Five Tips for Holding on to That Back-to-School Shine
- By Andrew Canicatti
- July 6th, 2017
Isn’t the first day of school the best? The year ahead holds the promise of breakthrough learning, the new and returning students are excited and the floors, desks and lockers sparkle after their summer scrub-down. With all the work you’ve put into deep-cleaning your schools for the coming year, what’s your plan to keep it that way? Your thorough summer cleaning set the stage for a banner year, but let’s face it, buildings that serve hundreds, even thousands, of children every day take commitment to keep clean and germ-free K-12 school enrollment continues to increase — meaning more traffic and activity packed into the same square footage.
Here are top five tips for sustaining a clean, healthy learning environment and your pristine deep-clean — plus some extra credit! Each of our school-zone-defense strategies comes paired with an easy way to help students recognize how they can cut down on cross-contamination.
Let’s begin at the beginning. You can’t control where all those feet are tracking grime in from — but you can put up a first line of defense. Special entryway matting that traps material and a recurring schedule of cleaning entryways will deny countless unknown substances from entering into your building.
A clean entryway also helps define the school environment as kids enter: here there be nice, clean floors. Kids will pick up on that signal and maybe wipe a little mud off those far-ranging soles. If that sounds too hopeful, consider this: a 2009 study found simply the smell of cleanliness (in this case, a whiff of Windex) was enough to significantly influence test subjects’ moral sense — even though participants didn’t notice the scent or that their mood was affected by it.
2. The Bathroom’s Overlooked Touch Points
Diagnosing bathrooms as a trouble spot doesn’t take an “A” in science. That’s why well-trained custodians commit to best practices like separate cleaning supplies for bathrooms and proper dwell times for sanitizers. But there are plenty of surfaces that can get overlooked, like the door handle — a place a lot of hands touch, whether they’ve been washed or not. Speaking of a good wash — faucet handles are a critical touch point that need recurring special attention.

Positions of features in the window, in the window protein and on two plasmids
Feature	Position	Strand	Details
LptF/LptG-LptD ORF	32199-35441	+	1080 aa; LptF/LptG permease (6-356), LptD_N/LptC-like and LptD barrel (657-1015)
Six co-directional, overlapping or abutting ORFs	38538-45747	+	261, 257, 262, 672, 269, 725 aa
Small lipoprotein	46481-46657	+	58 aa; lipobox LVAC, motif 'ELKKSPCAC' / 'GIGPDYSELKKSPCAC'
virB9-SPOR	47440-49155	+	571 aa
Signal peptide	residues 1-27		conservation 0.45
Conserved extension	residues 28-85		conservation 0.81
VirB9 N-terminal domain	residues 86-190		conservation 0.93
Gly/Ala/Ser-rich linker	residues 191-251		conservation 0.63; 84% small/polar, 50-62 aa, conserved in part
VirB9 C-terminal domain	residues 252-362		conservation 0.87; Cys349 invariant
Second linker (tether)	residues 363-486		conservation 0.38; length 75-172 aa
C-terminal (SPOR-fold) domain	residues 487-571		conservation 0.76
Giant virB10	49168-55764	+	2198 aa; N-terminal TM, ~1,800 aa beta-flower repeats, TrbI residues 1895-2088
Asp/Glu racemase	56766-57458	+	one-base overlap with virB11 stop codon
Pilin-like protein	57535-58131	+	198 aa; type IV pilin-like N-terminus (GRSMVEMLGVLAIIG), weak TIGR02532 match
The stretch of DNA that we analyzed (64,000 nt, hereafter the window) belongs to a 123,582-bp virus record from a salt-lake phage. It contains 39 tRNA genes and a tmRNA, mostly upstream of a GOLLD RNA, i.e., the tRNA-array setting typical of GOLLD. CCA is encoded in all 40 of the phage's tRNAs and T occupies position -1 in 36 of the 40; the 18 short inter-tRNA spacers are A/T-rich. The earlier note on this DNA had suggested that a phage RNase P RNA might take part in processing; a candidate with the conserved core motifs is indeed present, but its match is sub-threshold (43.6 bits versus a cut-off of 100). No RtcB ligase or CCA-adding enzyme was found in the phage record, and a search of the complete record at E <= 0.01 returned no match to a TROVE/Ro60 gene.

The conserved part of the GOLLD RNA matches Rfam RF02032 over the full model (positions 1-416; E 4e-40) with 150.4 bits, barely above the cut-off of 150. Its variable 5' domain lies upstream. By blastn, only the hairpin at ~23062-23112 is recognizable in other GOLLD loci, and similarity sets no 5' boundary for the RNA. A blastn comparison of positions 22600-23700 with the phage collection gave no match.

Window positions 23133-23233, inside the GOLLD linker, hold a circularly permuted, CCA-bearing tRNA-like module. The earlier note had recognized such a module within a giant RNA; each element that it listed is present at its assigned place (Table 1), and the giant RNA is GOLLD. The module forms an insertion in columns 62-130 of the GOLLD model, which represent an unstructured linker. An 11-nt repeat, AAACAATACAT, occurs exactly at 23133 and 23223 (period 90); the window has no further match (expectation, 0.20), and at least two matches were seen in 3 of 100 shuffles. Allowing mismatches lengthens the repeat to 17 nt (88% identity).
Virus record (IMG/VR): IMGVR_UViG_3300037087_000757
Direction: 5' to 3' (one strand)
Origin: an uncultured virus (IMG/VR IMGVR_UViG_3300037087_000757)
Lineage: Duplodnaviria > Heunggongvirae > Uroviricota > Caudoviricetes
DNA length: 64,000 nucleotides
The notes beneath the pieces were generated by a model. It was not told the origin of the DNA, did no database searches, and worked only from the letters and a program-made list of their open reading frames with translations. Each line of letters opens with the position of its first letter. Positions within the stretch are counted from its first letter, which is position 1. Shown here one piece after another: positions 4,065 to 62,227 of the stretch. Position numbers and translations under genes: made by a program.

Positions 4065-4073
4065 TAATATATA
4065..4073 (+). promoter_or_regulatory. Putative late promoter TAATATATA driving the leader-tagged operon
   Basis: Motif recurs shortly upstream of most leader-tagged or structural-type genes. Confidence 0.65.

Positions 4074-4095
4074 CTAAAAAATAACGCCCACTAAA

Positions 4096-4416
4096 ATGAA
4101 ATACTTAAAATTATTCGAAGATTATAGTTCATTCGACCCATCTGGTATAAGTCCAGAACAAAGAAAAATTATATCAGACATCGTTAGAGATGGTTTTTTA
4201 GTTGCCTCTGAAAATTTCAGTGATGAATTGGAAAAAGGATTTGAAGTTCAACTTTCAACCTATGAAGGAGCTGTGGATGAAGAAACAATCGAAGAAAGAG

Custodians should use approved, non-harmful cleaning agents on places that student hands often touch — like the buttons on soap dispensers. While reminding kids they should wash their hands can’t hurt (two times through happy birthday) it’s also a great idea to encourage students not to use their cell phones in the bathroom, because cell phones harbor germs just like any other touch point, and nobody likes to run their phone under the sink for two happy birthdays.
Experiments often use the count of the bacteria found on a toilet seat as a baseline. That a computer keyboard loses in this comparison (badly) is no surprise to professionals that know toilet seats are regularly cleaned while keyboards — well, when was the last time you cleaned your keyboard? Student’s classroom desks are at the same risk without a proper schedule of routine cleaning, especially those shared by multiple students in the same day. How dirty can a simple platform for papers and pencils get? Well, University of Arizona environmental microbiologist Charles Gerba found classroom desks carried 400 times the bacteria usually found on a toilet seat.